Our hands are incredibly versatile and vital in our daily lives. They perform intricate tasks and convey emotions, making them an integral part of our identities. However, due to their complexity and delicacy, our hands are prone to injuries and discomfort. If you've been experiencing pain or recently suffered an injury, it's worth considering surgery on hand as a potential solution. Hand surgery, performed by specialized hand surgeons, can address a range of issues, including nerve injuries and tendon injuries.

In this blog, we will delve into the significance of hand health and how seeking professional assistance, such as GPOA in Pittsburg, PA, can help determine if hand surgery is the right option for you.

Do You Have a Diagnosis of a Hand Injury?

Sometimes all a hand injury requires is ice, elevation, and a few days of disuse, such as if you have sprained your wrist or jammed a finger. Other times, you may have received a diagnosis for a hand injury that is more serious or that requires more treatment than you can get at an urgent care clinic, ER, or at home. Common diagnoses for hand injuries include:

Wrist Pain

Pain in the wrist can indicate various conditions, such as strain, sprain, or even a hairline fracture. If wrist pain worsens with movement but is not caused by bone damage, it may be a sign of swelling or injury that requires diagnosis by a hand specialist. Tendonitis of the wrist and overuse from sports like tennis and golf can also affect blood flow and contribute to wrist pain, requiring treatment from a hand surgeon.

Carpal Tunnel Syndrome

Carpal tunnel syndrome is a common hand and wrist condition characterized by hand numbness. It occurs when the median nerve in the wrist is compressed, causing tingling in the hands (especially the thumbs and pointer fingers) and sometimes the entire arm. This condition is treatable and varies in severity. While some cases don't require surgery, those with significant median nerve damage may benefit from consulting a hand specialist.

Rheumatoid Arthritis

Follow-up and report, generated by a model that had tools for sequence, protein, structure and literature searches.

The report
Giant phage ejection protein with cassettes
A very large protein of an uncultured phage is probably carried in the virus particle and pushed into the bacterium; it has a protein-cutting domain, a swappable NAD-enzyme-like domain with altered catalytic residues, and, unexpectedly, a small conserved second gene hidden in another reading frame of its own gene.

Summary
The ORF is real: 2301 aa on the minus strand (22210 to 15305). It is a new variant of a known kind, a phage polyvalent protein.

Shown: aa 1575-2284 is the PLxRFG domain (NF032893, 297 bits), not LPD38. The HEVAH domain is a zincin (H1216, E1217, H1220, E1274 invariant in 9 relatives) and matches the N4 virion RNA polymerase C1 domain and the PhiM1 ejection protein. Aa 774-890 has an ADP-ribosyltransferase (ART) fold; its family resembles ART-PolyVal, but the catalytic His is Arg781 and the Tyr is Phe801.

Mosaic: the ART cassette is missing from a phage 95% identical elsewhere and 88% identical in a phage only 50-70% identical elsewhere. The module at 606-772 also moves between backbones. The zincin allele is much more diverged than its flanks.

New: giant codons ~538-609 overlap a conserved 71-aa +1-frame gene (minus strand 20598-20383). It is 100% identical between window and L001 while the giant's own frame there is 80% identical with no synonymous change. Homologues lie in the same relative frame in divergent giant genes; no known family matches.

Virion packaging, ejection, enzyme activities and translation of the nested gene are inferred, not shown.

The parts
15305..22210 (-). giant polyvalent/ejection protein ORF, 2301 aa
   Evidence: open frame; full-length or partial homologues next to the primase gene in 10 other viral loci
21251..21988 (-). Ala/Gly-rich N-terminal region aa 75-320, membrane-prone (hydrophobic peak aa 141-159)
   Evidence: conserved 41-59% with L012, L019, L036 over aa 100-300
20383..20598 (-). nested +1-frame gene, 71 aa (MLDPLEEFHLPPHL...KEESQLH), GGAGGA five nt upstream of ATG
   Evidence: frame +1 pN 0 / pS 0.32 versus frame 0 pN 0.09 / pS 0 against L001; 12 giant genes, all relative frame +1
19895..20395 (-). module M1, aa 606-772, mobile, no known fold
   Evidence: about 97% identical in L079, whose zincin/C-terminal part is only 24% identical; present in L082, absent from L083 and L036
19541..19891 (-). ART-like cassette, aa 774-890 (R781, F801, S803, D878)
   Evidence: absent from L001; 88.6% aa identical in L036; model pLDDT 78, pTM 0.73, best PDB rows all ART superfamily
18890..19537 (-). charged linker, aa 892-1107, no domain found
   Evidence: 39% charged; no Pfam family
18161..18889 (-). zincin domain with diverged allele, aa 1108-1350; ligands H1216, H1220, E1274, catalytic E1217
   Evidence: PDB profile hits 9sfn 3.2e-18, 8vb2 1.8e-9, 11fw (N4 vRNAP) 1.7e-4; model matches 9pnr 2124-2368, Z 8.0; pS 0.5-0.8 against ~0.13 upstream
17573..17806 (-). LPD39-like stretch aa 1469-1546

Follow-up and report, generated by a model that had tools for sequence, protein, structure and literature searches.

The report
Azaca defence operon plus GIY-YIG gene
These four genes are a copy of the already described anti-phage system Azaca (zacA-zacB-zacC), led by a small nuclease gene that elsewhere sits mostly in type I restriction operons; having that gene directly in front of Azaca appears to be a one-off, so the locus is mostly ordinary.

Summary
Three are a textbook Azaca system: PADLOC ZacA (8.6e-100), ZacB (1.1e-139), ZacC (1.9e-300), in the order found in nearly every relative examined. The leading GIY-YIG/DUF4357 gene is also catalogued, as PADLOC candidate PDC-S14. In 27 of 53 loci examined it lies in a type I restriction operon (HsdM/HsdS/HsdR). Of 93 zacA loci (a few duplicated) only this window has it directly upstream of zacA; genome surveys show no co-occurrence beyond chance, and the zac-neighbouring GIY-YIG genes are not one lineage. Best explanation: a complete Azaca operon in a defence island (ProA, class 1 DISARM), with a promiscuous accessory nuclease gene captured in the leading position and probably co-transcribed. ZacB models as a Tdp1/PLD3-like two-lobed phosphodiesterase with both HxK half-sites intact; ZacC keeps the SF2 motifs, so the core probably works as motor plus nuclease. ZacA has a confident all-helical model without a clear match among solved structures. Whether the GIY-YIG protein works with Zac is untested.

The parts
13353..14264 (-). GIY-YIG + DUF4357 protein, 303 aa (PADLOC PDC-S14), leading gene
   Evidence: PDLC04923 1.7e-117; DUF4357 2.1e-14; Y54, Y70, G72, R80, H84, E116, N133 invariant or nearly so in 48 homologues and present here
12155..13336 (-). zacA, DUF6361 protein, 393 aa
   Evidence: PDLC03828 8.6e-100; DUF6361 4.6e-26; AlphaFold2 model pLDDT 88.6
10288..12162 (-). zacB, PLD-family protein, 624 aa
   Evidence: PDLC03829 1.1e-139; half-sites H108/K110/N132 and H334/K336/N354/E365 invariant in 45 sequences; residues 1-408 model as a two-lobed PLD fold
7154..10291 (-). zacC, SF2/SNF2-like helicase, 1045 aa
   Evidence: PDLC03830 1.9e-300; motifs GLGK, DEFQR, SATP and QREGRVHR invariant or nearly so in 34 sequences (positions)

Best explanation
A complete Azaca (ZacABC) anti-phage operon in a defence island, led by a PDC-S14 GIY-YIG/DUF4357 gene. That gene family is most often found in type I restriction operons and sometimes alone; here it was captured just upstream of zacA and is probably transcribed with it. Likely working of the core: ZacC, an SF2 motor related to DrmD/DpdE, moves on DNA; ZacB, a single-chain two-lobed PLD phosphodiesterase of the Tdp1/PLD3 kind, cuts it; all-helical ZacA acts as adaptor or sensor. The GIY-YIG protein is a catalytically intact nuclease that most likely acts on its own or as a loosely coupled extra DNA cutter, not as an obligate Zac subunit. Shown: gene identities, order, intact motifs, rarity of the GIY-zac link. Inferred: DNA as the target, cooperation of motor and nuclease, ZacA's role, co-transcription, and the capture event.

Rheumatoid arthritis is a common chronic autoimmune disease where the immune system attacks the joints. In the hands, it starts with stiffness in the wrist, knuckles, and fingers. Over time, joint inflammation, stiffness, swelling, and immobility occur. Untreated, it can impact motor function, increase infection risk, and cause chronic pain. Surgical treatment involves replacing diseased tissues with cushions to separate the bones in the hand.

Degenerative Arthritis

Degenerative arthritis, also known as osteoarthritis, is a form of joint pain caused by overuse of the hands and wrists. Severe arthritis is commonly found in older individuals who have overused their hands throughout their lives, leading to the deterioration of cartilage between the hand bones. This causes swelling and significant pain. Treatment for severe arthritis is similar to that used for rheumatoid arthritis.

Tendon Ruptures

A tendon rupture, such as a trigger finger, can occur due to an injury to the tendon caused by high-impact force, serious hand injuries resulting in deep cuts, or sports-related incidents. This can lead to weakness in the hand and difficulty bending joints without pain. In addition to tendon ruptures, it is important to consider hand and finger function as well as other upper extremity related concerns. Treatment options for tendon ruptures may include surgery or alternative therapies.


Fractures are bone breaks that require setting for proper healing. Hand and wrist fractures can range from hairline fractures to shattered or clean breaks, all of which can be surgically repaired. The method of bone setting varies depending on the type of fracture and may involve invasive procedures. Neglecting to treat hand fractures can result in reduced mobility and persistent pain.

Other Conditions

You may have been diagnosed with other conditions to explain hand or wrist pain. One example is a TFCC tear, which occurs when the cartilage connecting the wrist to the hand is severely damaged, causing mobility loss and intense pain. Treatment involves removing the cartilage from the hand, which may result in lifelong impairment.

Types of Hand Surgery

Hand surgeries are complex procedures often performed by highly specialized plastic surgeons. These surgical interventions aim to restore the function and appearance of the hands affected by injury, disease, or congenital defects. Here, we'll discuss some common types of hand surgery that repair nerves, restore movement, and enhance overall hand health.